Friday, April 16, 2010

Client certificate WTF

Why does almost nobody bother to support X.509 client certificates properly? They're a weak, poorly implemented afterthought in many systems if they're supported at all.
(Note: Android info here may be dated, as I last tested with 2.0, and applies only to the stock Android distribution not apps or patched versions supplied by vendors.)

  • Microsoft Windows: Perfect support, though it requires PKCS#12 (.p12) format certificates. Most 3rd party apps (subversion, mozilla apps, etc) use own cert stores rather than the OS's for no good reason.
  • Mac OS X: Limited support in OS keychain. No support in OS services like Apple Mail (IMAP+TLS, IMAPs, SMTP+TLS or SMTPs), WebDAV over HTTPs, etc so I have no idea why they even bothered adding support to keychain. Some apps have their own support, eg Mozilla apps via NSS, but OS has none and most Apple apps have none. No 3rd party apps seem to look in the system keystore for certificates.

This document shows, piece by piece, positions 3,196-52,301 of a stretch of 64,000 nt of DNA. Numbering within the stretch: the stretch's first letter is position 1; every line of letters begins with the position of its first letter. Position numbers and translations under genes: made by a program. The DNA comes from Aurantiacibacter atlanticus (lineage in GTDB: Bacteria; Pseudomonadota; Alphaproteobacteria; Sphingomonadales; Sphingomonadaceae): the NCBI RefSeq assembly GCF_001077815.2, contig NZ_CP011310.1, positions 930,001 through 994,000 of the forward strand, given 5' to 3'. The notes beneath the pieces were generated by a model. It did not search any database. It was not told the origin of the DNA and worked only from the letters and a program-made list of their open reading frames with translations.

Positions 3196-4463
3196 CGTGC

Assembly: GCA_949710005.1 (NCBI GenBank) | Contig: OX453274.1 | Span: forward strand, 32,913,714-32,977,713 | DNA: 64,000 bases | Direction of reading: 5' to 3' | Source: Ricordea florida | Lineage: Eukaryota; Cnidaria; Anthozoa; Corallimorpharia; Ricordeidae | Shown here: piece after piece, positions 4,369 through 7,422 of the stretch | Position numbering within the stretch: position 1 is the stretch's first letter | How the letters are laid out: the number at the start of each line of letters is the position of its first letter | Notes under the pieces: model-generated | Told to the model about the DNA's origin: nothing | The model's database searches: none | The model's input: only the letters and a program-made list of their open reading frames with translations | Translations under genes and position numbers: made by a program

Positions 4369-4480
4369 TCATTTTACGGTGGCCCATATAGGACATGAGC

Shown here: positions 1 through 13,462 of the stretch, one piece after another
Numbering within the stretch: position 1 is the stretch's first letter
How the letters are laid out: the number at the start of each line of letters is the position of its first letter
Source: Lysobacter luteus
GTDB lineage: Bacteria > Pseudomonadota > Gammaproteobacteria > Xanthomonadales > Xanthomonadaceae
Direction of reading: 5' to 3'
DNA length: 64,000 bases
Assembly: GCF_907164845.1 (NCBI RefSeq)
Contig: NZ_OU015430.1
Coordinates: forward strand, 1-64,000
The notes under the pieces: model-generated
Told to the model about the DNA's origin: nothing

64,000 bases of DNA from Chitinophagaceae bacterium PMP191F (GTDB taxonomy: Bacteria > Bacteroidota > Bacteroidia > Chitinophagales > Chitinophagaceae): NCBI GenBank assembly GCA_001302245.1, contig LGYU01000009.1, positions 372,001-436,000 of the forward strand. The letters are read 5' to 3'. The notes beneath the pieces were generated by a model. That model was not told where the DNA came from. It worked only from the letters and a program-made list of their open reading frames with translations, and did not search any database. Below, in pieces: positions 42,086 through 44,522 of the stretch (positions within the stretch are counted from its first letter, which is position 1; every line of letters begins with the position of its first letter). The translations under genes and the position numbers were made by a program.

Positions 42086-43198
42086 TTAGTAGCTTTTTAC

• Linux systems: All major SSL/TLS libraries have support, but there's no system-wide or desktop-wide keystore or key management. Netscape security suite apps have good support but certificates must be installed individually in each app - even though the underlying libnss library supports  a shared user-account-level security store. GnuTLS- and OpenSSL-using apps must implement their own certificate management but can support client certificates if they provide appropriate callbacks. As a result, support is very app dependent and often buggy or very clumsy. Real-world support is inconsistent - eg Subversion supports client certs, but many svn front ends don't handle the cert prompts; Thunderbird & Firefox support client certs via NSS; Evolution supports via NSS but has broken nss init code that breaks client certificates and is often built with GnuTLS instead of NSS anyway; etc. Overall it's painful but usually usable.
  • Symbian (Series 60) phones: Support is perfect in OS and apps. Very smooth.